CV too long? Here's what to prioritize

Are you struggling to fit all your skills and accomplishments into one page? Here is what you absolutely need to include in your CV so you impress hiring managers at first glance.

Stefanija Tenekedjieva

Stefanija Tenekedjieva

A good developer CV goes a long way. Although your experience usually speaks for itself, and in the software development industry, you can speed up your job search by being active on platforms like LinkedIn or GitHub, you still need a good resume that shows you fit the job description right away.

And as much as you might think it’s just a page of cluttered information, it is essential. You have only seven seconds to impress a recruiter since that’s how much they spend on average to select which resume is good and which one belongs to a candidate that won’t be considered for the job.

So, you need to be able to highlight your skills well and build your development resume in a way that focuses on the good things. Here’s how.

Start with the most important things

A word of the wise: very often, we tend to list things chronologically, or in the skills section, in no particular order. This is a mistake—you should start from your strongest suits and then list the ones that you’re not particularly good at but are still worth mentioning.

And when it comes to the job experience, always list it counter-chronologically. Instead of starting from the beginning, start from your current or latest position.

Go from left to right, or up to down, never both

Another common mistake is that people write resumes in a way that is a bit confusing but allows them to put more information in less space. But the human eye, especially in Western cultures, is used to reading either from up to down or left to right.

By doing both, you can confuse the reader, and instead of helping them focus on what you want to highlight, confuse them with a lot of text. And if you don’t have enough white space on there, even worse. Every reader needs a break from the text when going through a lot of data.

Now that we’ve been through some general tips let’s see what you should and shouldn’t write about in each section.

Personal information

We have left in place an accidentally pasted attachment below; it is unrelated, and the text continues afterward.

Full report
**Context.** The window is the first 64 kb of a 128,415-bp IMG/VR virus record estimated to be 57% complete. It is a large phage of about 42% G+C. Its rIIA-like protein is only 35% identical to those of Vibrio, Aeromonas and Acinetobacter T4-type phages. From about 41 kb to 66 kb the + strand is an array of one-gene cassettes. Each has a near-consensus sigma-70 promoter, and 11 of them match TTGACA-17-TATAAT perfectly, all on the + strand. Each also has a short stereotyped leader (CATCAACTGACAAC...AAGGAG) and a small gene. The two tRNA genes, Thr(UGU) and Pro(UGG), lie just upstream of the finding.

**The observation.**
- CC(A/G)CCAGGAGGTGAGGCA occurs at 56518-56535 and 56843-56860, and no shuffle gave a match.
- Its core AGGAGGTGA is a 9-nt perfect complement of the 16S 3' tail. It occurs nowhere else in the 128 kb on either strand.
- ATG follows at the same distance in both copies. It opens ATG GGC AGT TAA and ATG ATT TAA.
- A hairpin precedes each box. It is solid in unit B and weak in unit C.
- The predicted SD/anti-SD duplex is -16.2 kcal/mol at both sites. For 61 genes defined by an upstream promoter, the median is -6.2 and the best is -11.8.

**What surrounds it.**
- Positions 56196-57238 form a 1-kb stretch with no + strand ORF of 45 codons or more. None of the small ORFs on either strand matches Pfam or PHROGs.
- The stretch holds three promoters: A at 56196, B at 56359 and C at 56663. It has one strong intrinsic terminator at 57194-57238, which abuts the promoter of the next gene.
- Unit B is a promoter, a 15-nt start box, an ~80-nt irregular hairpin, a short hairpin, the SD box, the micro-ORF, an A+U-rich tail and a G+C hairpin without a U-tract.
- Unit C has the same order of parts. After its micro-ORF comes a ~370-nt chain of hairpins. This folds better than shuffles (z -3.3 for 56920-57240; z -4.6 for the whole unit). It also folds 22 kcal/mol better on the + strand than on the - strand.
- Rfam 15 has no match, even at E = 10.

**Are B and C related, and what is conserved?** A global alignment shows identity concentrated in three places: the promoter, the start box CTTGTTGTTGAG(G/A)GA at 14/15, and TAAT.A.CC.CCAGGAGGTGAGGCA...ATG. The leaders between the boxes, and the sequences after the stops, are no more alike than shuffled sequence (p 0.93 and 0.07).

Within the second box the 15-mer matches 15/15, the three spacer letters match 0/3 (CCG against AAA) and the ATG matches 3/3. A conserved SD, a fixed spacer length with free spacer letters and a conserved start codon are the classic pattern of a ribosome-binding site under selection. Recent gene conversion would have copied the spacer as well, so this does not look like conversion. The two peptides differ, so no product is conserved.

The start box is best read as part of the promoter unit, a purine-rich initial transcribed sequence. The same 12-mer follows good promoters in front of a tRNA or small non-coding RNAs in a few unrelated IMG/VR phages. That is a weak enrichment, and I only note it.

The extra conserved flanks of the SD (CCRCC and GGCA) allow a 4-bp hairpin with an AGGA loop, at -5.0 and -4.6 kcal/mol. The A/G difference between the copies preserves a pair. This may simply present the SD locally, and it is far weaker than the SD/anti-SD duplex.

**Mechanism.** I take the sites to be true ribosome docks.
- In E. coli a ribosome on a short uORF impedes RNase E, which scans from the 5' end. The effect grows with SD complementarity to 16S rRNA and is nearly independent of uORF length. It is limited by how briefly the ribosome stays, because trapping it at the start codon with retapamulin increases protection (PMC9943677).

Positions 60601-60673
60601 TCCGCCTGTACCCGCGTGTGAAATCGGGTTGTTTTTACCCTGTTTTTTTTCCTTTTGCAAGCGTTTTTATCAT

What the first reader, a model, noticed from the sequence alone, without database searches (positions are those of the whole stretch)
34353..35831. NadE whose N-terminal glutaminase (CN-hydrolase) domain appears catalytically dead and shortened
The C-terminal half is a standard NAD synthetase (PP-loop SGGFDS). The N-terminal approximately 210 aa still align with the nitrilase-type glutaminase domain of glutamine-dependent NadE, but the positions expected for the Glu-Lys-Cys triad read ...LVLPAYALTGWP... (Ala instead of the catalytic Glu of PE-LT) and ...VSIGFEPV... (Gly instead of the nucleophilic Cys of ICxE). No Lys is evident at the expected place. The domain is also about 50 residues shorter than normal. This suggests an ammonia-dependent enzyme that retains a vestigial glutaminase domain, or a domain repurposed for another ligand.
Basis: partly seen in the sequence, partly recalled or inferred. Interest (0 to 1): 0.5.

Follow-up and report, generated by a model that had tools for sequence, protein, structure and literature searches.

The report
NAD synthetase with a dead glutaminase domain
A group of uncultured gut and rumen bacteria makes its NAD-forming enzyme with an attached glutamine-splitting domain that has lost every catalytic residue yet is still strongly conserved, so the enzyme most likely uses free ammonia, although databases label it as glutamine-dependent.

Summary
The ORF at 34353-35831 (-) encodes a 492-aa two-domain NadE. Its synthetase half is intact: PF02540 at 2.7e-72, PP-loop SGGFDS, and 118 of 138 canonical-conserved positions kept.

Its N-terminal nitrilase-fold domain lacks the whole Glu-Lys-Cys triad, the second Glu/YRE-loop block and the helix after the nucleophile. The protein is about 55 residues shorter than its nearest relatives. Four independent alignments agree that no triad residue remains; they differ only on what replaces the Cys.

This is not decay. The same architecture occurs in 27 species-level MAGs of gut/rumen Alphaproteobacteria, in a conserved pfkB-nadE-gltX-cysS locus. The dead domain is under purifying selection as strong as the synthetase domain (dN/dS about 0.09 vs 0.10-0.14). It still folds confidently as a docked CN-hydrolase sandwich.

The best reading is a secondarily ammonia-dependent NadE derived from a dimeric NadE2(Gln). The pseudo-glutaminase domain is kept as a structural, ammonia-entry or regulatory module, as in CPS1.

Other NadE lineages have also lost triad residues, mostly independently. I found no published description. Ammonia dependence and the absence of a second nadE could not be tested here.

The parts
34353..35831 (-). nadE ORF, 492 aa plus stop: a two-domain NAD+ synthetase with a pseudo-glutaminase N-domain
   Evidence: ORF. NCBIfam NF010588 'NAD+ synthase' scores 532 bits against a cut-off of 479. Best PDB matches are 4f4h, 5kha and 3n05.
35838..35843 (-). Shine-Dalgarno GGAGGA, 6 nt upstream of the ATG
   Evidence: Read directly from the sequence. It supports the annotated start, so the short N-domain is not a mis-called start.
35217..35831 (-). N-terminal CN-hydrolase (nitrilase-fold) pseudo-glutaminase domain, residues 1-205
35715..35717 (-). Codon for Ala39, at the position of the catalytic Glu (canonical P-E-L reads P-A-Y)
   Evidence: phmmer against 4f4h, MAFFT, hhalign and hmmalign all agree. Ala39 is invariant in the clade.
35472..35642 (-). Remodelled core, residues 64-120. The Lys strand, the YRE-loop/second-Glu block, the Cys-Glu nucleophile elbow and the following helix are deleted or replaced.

Of course, you need to start your CV with some basic personal information so that the recruiters can email you or call you back. Most popular applicant tracking systems today have a pretty good user experience that allows hiring teams to find the information about anyone quickly, but it would seem forgetful and weird not to put in your full name, email address, and phone number on your resume.

The one thing that you can skip is your home address to save on space since recruiters don’t really need it to contact you back. It was common practice to add your home address back in the day, job posts were posted in newspapers, and the applications were sent via postal mail.


Although not essential, it would be nice to add a tagline that summarizes your professional experience and character in one or two sentences. For example, “Software engineer with 5+ years of experience and focus on backend development” relays all the important information into one line and draws the reader in to see the exact details in your resume.

Work experience

As previously mentioned, it is advised to start with the most recent work experience and then follow with the jobs you had earlier. If you have a lot of jobs you need to list, and they don’t fit on one page, you don’t have to include the ones that are not relevant to the current position. As long as there are no big gaps that you cannot explain, select only the relevant experiences in your resume.


Similar to the other sections, the education section is where you highlight your academic and other achievements. Start with the most important titles, like a university degree, and add any additional institutional education. High school degrees shouldn’t be relevant if you’re a holder of a bachelor’s or master’s degree.

Technical skills

For an engineer’s resume, this is the most important part. The place where you showcase all your development skills and list all the coding languages you are fluent in.

If you have plenty of languages and frameworks you know, it would be nice to add a grading scale, for example, from 1 to 5, of what is your level of proficiency, 1 being elementary knowledge, and 5 being expert level.

Soft skills

Soft skills say more about you as a person than as a professional that is experienced in a particular field. Yet, they should speak about how you would fit in a given team and company culture.

So, make sure to talk about your ability to work in a team, handle deadlines, solve problems and balance the spirit and dynamic of the team, and not about what you like doing in your spare time.

This is also a section where you can list your language skills and additional courses in, say, time management, project planning, tracking, monitoring, etc.

Awards, certificates, or special achievements

If you have done plenty of online courses in particular technologies, platforms, or skills, make sure to add those to your resume. There are plenty of platforms like LinkedIn Learning, Indeed, Google Developers, Coursera, Udemy, etc.

Finally, if you have any contributions to open-source projects, your personal website, or other projects you’ve worked on that can testify to your coding skills, make sure to link them in your resume. Or, if a cover letter is also requested on your application, you can list them there if you lack the space on your CV.